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On the way from there to the Ovid exhibit, we happened on a set of sculptures on the theme of Diana, of women who retreated with a special animal — in bronze beautiful strong women’s bodies austere looks on their faces.

Upstairs I visited old friends in the collection. Corots, impressionists, Pissarro, a Turner. The rotunda filled with flowers.

Down by elevator, we bought snacks in the cafeteria and sat near the waterfall. The huge bookstore tempted us and we were sorely tempted by a book called Dressed as in a Painting; it looked so perceptive and its angle so pleasing but the price was $40.

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We went through the glittering diamond-starred moving walk to the other part of the museum, East Building and modern art. There we were to have seen Piero Paolo Pasolini’s Comizi d’amore but it was late, we were tired and wanted to get home before dark.

So we retraced our way back in the museum to where we had come in — rather like Hansel without his breadcrumbs — but eventually we were in the right vestibule with our coats and hastening across the squares and streets into the Metro to get out of the bitingly cold wind.

A piled-in time — my legs were aching by the end, my back, my friend was exhausted she said. Jim and I would do this kind of thing regularly, but not so much all at once, over say a few weeks or over a period of months we’d have subscriptions to a theater or opera company. My friend and I did not have the luxury of much time. Still amazing she made it from Iowa, stayed in a comfortable near-by not expensive hotel, met and talked with Izzy, saw my house, all my books, and the pussycats too.

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Ian on my desk, near my Vittoria Colonna book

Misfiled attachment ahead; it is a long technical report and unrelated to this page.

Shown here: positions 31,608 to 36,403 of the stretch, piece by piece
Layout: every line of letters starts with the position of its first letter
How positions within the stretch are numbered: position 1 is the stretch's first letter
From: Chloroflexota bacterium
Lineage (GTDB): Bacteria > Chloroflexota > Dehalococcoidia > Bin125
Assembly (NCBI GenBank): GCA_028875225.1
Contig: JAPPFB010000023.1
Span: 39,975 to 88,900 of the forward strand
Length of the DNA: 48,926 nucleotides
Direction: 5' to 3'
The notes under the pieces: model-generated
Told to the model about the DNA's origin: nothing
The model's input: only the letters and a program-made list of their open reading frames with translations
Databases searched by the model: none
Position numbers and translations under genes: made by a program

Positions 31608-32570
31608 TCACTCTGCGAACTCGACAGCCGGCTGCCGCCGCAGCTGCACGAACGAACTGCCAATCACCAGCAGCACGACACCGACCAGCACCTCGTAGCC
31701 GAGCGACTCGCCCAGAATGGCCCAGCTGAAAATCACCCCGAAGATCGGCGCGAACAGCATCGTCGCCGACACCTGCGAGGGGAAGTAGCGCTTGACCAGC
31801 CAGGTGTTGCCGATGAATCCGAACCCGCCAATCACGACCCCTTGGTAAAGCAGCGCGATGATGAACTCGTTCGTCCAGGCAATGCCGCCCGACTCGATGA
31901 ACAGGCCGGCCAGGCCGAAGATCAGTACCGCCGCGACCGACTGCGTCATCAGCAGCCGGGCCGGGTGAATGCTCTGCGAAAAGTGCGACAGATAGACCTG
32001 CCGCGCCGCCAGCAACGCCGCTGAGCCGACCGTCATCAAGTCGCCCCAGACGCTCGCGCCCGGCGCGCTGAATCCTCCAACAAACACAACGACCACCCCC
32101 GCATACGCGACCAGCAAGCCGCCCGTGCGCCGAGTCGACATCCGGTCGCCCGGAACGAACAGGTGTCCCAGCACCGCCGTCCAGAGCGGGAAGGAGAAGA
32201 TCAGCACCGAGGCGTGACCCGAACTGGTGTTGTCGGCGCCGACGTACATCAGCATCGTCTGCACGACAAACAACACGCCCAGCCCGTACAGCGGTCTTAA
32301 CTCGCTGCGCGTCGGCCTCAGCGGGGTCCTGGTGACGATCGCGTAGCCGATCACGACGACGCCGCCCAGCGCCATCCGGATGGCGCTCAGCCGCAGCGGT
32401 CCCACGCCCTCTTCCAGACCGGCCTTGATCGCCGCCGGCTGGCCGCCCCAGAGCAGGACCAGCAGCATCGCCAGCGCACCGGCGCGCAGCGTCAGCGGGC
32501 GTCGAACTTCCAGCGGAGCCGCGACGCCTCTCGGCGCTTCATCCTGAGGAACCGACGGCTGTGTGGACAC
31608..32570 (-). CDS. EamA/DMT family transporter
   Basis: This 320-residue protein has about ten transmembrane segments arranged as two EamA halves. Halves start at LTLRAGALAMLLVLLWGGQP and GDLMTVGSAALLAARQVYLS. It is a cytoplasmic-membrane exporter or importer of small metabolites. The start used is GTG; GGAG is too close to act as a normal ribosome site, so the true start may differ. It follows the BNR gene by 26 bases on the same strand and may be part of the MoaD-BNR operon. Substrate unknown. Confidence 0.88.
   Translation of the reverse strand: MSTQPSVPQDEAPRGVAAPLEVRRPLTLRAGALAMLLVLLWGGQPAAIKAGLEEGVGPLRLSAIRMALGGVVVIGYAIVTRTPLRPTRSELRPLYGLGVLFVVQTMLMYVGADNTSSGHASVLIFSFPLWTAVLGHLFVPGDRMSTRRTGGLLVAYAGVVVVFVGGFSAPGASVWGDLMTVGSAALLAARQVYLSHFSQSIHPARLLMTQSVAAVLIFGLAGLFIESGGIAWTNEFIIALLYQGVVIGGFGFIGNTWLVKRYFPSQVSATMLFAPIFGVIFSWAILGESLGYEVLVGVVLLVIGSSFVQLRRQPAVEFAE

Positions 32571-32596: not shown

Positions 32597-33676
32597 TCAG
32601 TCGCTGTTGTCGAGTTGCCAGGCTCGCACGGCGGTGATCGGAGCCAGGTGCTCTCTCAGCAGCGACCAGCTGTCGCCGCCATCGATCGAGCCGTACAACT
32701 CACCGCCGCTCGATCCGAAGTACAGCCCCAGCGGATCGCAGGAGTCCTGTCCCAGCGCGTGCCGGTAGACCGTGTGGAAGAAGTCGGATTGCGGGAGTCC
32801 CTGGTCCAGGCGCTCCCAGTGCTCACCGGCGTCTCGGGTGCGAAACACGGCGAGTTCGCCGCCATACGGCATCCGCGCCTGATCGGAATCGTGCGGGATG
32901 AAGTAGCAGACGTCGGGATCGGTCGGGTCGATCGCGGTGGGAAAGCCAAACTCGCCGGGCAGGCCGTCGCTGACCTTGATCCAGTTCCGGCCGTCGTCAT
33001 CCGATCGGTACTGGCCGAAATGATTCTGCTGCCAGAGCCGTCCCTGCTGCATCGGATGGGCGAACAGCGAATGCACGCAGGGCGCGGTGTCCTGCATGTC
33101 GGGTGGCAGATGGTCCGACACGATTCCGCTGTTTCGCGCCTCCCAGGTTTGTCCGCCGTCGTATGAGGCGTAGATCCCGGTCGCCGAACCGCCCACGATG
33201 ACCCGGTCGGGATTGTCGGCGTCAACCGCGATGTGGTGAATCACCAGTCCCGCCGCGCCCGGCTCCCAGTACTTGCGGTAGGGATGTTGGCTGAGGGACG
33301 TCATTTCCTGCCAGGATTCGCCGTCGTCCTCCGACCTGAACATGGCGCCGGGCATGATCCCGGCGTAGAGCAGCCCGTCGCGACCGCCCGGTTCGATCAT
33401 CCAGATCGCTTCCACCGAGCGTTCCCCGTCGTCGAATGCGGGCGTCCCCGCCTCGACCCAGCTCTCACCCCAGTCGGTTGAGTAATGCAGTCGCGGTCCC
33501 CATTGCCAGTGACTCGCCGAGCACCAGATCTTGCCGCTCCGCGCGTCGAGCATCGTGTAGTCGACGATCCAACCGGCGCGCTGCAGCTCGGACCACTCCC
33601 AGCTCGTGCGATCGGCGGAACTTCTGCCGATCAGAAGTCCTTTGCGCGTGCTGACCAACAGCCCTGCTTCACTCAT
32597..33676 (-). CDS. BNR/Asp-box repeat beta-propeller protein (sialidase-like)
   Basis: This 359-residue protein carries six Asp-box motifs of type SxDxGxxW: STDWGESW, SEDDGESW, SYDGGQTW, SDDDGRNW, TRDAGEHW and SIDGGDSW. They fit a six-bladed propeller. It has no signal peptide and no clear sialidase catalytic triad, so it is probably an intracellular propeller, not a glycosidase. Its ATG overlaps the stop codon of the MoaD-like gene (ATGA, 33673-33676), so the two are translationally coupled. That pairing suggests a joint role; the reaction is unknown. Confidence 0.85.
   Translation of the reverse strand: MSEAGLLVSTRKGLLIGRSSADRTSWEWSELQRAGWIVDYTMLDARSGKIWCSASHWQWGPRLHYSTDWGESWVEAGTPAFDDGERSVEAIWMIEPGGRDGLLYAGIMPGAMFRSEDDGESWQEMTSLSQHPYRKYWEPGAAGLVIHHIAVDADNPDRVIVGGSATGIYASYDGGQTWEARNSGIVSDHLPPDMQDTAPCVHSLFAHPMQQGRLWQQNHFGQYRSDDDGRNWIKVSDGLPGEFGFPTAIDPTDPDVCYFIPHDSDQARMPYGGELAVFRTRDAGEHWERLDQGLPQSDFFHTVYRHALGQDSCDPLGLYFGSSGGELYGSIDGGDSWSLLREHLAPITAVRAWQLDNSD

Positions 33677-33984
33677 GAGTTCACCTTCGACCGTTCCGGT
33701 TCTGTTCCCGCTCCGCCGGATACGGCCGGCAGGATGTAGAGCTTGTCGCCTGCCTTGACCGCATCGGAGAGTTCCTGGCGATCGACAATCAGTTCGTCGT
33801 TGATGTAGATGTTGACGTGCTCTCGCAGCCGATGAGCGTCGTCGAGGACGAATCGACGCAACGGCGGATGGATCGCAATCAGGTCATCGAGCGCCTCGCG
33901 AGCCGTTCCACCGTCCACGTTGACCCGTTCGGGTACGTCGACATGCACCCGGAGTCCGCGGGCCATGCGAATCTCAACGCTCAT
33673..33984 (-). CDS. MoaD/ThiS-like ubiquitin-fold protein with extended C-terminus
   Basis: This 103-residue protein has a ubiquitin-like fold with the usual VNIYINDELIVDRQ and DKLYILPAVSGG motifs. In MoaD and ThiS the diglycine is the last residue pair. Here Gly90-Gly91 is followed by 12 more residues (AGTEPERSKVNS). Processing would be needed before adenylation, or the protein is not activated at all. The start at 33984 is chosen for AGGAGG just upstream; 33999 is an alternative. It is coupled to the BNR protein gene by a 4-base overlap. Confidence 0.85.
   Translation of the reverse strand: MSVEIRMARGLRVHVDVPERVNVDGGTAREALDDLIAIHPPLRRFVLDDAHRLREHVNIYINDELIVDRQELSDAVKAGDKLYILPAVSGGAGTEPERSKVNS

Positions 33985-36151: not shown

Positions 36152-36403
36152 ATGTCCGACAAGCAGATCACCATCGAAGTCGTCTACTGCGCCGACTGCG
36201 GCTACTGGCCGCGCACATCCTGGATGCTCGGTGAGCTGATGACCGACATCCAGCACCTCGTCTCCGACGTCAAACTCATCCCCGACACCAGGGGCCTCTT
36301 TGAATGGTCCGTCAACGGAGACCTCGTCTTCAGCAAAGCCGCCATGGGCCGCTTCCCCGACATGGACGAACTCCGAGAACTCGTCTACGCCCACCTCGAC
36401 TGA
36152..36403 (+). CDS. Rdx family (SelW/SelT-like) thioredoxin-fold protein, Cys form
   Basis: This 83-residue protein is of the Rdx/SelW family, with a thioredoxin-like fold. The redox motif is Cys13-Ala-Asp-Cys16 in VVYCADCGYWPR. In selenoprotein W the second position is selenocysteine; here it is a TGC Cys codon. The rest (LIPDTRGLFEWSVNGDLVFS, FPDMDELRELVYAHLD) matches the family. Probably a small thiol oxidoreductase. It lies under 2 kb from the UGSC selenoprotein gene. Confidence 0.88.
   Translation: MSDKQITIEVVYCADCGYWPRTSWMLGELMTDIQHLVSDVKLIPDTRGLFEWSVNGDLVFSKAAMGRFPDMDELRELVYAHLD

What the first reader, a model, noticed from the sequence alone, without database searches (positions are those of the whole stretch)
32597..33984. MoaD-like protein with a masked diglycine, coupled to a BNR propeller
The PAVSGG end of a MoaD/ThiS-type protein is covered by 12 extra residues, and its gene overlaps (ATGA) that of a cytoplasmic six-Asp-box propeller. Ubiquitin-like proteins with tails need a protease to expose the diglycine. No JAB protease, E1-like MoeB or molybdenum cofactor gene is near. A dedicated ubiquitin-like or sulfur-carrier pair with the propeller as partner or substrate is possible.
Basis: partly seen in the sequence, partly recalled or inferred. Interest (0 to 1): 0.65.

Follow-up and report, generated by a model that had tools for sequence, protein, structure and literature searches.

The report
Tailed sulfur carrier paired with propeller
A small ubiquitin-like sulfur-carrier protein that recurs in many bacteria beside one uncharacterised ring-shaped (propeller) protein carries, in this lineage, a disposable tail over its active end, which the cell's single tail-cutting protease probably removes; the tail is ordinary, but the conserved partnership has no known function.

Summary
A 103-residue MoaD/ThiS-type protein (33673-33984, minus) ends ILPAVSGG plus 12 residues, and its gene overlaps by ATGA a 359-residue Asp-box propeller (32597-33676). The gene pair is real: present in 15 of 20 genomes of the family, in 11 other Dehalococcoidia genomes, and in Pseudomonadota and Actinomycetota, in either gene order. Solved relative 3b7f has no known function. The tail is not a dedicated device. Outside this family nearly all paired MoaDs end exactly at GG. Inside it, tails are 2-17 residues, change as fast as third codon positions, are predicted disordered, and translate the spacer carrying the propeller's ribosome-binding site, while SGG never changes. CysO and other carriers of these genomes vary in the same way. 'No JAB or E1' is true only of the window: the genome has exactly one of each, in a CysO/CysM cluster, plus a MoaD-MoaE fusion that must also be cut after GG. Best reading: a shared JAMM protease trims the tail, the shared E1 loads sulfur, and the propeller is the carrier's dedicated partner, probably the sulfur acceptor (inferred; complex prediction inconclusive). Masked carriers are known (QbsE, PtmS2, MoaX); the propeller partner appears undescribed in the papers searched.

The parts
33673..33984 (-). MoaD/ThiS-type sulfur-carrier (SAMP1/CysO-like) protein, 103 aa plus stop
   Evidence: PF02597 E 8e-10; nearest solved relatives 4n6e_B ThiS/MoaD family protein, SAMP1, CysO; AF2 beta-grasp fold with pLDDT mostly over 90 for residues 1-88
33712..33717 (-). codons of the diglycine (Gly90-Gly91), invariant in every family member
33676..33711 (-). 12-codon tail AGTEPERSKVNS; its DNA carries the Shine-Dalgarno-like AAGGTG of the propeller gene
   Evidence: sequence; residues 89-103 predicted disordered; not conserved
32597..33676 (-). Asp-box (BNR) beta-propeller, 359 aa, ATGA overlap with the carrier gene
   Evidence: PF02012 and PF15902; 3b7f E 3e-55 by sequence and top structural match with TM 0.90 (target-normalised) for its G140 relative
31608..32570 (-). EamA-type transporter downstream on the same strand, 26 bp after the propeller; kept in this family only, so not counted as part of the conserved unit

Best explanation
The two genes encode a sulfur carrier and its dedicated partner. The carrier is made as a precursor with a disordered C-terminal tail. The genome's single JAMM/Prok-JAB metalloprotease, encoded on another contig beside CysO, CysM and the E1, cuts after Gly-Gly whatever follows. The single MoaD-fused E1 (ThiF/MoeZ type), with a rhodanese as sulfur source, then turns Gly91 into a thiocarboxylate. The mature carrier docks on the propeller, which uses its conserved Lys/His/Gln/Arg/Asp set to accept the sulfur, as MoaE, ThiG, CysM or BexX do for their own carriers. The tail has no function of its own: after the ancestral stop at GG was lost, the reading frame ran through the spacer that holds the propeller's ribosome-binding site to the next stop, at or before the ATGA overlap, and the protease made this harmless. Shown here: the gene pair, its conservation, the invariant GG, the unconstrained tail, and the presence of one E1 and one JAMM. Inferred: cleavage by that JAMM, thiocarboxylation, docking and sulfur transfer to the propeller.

I’ve vowed to myself I shall return to going to the Folger regularly, keep an eye on what films are on, and try to discern the presence of a music festival.

Ellen

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One of several marvelous dance sequences

Dear friends and readers,

Friday nights on PBS I’ve become a faithful watcher of Great Performances, and this past one for 3 hours I reveled in the marvelous British National Royal Theater production of Rogers and Hammerstein’s Oklahhoma as directed by Trevor Nunn: this the same group that brought us the unforgettable Yorkshire plays (medieval cycle, words by Tony Harrison), and part of the exhilaration arises from doing it in the round with an audience close in. It’s famous in the US for making a singing star out of Hugh Jackson.

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Jackson played Curly as self-deprecating, no threat to anyone, courteous even to old maid aunts

I recommend watching it because it turns the musical into its bare-bones (sort of an outline effect), tones it down and so brings out subtleties in characterization. I don’t know if I’ve said enough on this blog how much I love musicals. I know often the content is deplorable; so too are some of the plots of older and more recent operas too.

So I want, at the same time, to point out that the distinction often made between this musical and its near-companion in time, place, and composers, Carousel, often (rightly) condemned as celebrating an abusive relationship, reinforcing the worst of sexist portrayals of sex outside marriage, absurd in its heavenly ending, is false. As Carousel can be done with equal intense pleasure from the music, dance and when done (as I once saw it in London) with the same bareness and toned down, becomes a downright subversive thrust by Billy, the working class male, and his Julie, neither ever given a chance for a fulfilled life, so Oklahoma is a predatory pastoral.

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A not atypical moment

The US early on developed a particularly predatory culture — sometime in the later part of the 18th century, reinforced by the lack of identification across immigrant groups, slavery and a lawless west where US guns reigned supreme and lynching became a commonplace way of “administering justice.” The cruelty of Southern culture in the early 19th century was matched (according to Harriet Martineau) by overt Northern killing of anyone opposed to slavery by those profiting from it. The modern Tea Party, some of the most powerful of southern writers (Faulkner, O’Connor) participate in this. An article in a recent issue of Women’s Review of Books where the US GI in France as opposed to all others, was the most violent, the male the most macho in his expectations of women and angry when he did not get what he thought he was entitled to (shades of our massacres), and then court-martialled black GIs as scapegoats — brought this out. It explains so much, from the centrality of slavery to US continual attacking other countries near it (almost immediately we invaded Canada), and the behavior of this state around the world today.